A recent decision of the All-Scotland Personal Injury Sheriff Court - Louise Stark v Lothian NHS Board  SC EDIN 7 – concerned a staff nurse (Ms Stark) employed by the defenders, working in the course of her employment at the Royal Edinburgh Hospital. She was providing a therapeutic art session to a patient who suffered from learning disabilities and autism.
The patient in question was known to become violent towards staff, to hit and bite, at times to be opportunistic as to when he was violent and, at times, would give verbal warnings of his violence. His violence often had no obvious trigger.
The Health Board had carried out a risk assessment in respect of this patient and had a management plan in place requiring support/observation of “1:1 Constant at all times”, meaning one staff member should be constantly aware of the precise whereabouts of the [patient] through visual observation or hearing. A further plan described how staff should deal with physical aggression. They had also produced a set of Guidelines for offering sessions in-house to the patient, including art therapy, including a guideline that two members of staff were to knock on the patient’s door and offer him the planned session for that day. “Should [the patient] display any self-injurious or physical aggression towards staff during process guidelines for management of these to be followed.” Provision was also made for staffing ratio for sessions, including art sessions, of two members of staff. It was accepted by the defenders that there was a foreseeable risk that the patient might attack at any given time.
On the day in question, that art session was to take place in the dining-room of the hospital unit. The pursuer sat at a round dining-table with the patient to her left. Another member of staff, Mr Morrison, who was allocated to the art session, moved from sitting at the table to stand at the doors to the room, which was unusual. Suddenly and without warning, the patient stood up, said, “I’m going to hit”, grabbed the pursuer’s right arm and bit her on the upper right arm. She was unable to get away from him or activate her personal alarm and she screamed. Mr Milligan and two other nurses ran to assist her and to restrain the patient. Ms Stark suffered a physical bite injury which healed but left a scar and a psychological injury in the form of an adjustment disorder.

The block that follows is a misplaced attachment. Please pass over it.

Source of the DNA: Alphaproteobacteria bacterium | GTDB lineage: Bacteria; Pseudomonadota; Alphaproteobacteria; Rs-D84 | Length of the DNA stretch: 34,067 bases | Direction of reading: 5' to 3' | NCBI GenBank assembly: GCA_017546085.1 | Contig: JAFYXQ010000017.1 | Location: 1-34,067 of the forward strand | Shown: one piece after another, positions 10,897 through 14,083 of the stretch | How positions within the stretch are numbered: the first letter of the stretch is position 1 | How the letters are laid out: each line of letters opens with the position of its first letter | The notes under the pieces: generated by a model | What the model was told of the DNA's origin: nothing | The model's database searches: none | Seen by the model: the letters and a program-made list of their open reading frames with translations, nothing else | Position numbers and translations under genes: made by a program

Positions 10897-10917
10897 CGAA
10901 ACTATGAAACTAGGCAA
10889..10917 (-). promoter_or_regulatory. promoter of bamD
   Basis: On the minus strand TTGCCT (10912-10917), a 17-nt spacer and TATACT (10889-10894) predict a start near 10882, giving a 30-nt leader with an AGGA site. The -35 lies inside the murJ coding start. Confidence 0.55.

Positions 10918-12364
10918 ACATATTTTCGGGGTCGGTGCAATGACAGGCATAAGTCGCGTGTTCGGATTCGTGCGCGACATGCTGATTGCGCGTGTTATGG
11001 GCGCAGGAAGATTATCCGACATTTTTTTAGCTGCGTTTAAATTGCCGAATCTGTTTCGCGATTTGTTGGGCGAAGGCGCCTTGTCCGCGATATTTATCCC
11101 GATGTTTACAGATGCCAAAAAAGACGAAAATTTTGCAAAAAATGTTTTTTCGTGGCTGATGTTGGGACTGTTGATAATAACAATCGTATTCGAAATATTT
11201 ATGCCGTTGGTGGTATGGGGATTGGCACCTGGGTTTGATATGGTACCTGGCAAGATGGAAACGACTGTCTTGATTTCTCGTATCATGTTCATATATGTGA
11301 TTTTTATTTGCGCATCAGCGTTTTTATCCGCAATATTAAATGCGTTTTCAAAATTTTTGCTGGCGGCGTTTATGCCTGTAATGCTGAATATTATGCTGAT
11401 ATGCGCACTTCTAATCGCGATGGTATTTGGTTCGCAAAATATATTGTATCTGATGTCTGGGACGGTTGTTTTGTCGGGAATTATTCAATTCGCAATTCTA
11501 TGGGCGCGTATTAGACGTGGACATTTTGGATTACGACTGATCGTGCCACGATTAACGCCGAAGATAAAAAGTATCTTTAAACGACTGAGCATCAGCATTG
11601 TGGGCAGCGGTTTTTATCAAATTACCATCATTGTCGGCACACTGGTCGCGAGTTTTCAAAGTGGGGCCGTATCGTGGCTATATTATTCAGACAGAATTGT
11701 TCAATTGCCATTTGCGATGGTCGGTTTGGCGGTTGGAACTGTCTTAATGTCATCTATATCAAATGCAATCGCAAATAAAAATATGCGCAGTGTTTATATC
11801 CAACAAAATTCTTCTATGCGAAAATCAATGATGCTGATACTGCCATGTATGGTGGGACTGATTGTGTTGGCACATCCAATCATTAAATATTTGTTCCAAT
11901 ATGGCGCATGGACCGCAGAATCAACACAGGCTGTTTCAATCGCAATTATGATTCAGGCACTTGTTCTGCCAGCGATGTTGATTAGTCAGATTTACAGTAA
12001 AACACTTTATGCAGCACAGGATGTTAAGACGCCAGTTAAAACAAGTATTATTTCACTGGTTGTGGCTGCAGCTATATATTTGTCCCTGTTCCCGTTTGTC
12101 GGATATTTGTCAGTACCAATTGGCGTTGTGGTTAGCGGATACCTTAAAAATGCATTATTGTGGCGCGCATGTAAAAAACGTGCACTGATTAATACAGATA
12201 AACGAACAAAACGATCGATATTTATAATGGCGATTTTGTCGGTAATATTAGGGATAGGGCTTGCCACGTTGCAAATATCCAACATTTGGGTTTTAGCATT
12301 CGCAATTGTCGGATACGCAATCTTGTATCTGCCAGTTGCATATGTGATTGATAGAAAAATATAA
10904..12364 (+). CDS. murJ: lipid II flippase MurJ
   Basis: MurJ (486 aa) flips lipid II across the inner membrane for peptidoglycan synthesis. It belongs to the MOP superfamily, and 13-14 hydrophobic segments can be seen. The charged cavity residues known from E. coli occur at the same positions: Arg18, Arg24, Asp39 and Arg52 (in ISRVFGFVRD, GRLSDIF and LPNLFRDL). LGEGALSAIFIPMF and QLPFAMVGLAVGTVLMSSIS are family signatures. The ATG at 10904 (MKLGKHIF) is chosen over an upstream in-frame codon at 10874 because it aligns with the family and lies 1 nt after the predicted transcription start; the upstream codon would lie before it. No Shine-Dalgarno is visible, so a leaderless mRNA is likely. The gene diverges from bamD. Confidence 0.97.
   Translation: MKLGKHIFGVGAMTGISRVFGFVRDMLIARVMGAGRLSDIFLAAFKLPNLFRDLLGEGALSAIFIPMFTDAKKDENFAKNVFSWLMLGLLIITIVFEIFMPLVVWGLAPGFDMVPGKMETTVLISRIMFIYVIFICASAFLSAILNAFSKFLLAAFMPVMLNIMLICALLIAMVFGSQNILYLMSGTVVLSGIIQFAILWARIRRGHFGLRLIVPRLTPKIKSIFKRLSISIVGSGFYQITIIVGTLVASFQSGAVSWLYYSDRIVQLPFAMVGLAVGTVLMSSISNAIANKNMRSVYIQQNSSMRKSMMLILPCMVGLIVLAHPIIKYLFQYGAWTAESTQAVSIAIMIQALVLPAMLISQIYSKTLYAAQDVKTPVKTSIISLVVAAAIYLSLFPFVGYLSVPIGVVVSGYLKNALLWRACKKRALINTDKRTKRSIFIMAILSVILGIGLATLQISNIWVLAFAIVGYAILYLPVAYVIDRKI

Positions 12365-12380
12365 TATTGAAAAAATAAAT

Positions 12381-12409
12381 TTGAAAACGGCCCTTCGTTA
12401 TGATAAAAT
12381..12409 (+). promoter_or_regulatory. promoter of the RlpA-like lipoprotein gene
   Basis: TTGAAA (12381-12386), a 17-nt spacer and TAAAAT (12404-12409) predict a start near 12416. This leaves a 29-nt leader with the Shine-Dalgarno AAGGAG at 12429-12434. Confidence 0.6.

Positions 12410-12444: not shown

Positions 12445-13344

Quantum of damages was agreed between the parties at £10,000 but a proof proceeded before Sheriff Baird on the question of liability.
The pursuer alleged that her employers, the Health Board, had failed to provide her with a safe place of work and a safe system of work. She further alleged that Mr Morrison had been negligent (and the Health Board therefore responsible) in failing to follow the care plans which the defenders had in place for dealing with this patient’s aggression, by standing away by the doors rather than sitting at the table with the patient and the pursuer or standing nearby where he could carry out constant sight observations. Had he done so, Ms Stark alleged, Mr Morrison could have intervened when the patient had stood up and the pursuer would not have been injured.
The defenders’ position was that there was adequate supervision in place in the room during the art lesson, that Mr Morrison did not have to be in touching distance at all times and that such art lessons had proceeded on this basis in the past. They alleged that the pursuer had failed to prove that she would not have suffered injury if Mr Morrison had been close by.
There was disputed factual evidence as to whether Mr Morrison had left the room during the art session – Mr Morrison’s evidence (and that of others) was that he was in the room at all times, only three or four feet away from the table and, by so doing, was providing adequate supervision.
Much turned on the sheriff’s assessment of the various witnesses’ evidence and the particular circumstances of this case but, ultimately, he held that no breach of duty on the part of the health board had been established. It had, in his view, properly assessed the risk of assault by this patient, had appropriate policies in place and there was sufficient supervision in place. He further held that Mr Morrison had remained in the room throughout the art session and had not, therefore, breached any duty. The patient had moved so quickly that the pursuer, herself, had not had time to react and the Sheriff found that, even if Ms Stark had proved a breach of duty, she would have failed to prove that it had caused her injuries. There was no evidence that the attack would probably have been prevented but for the alleged breach.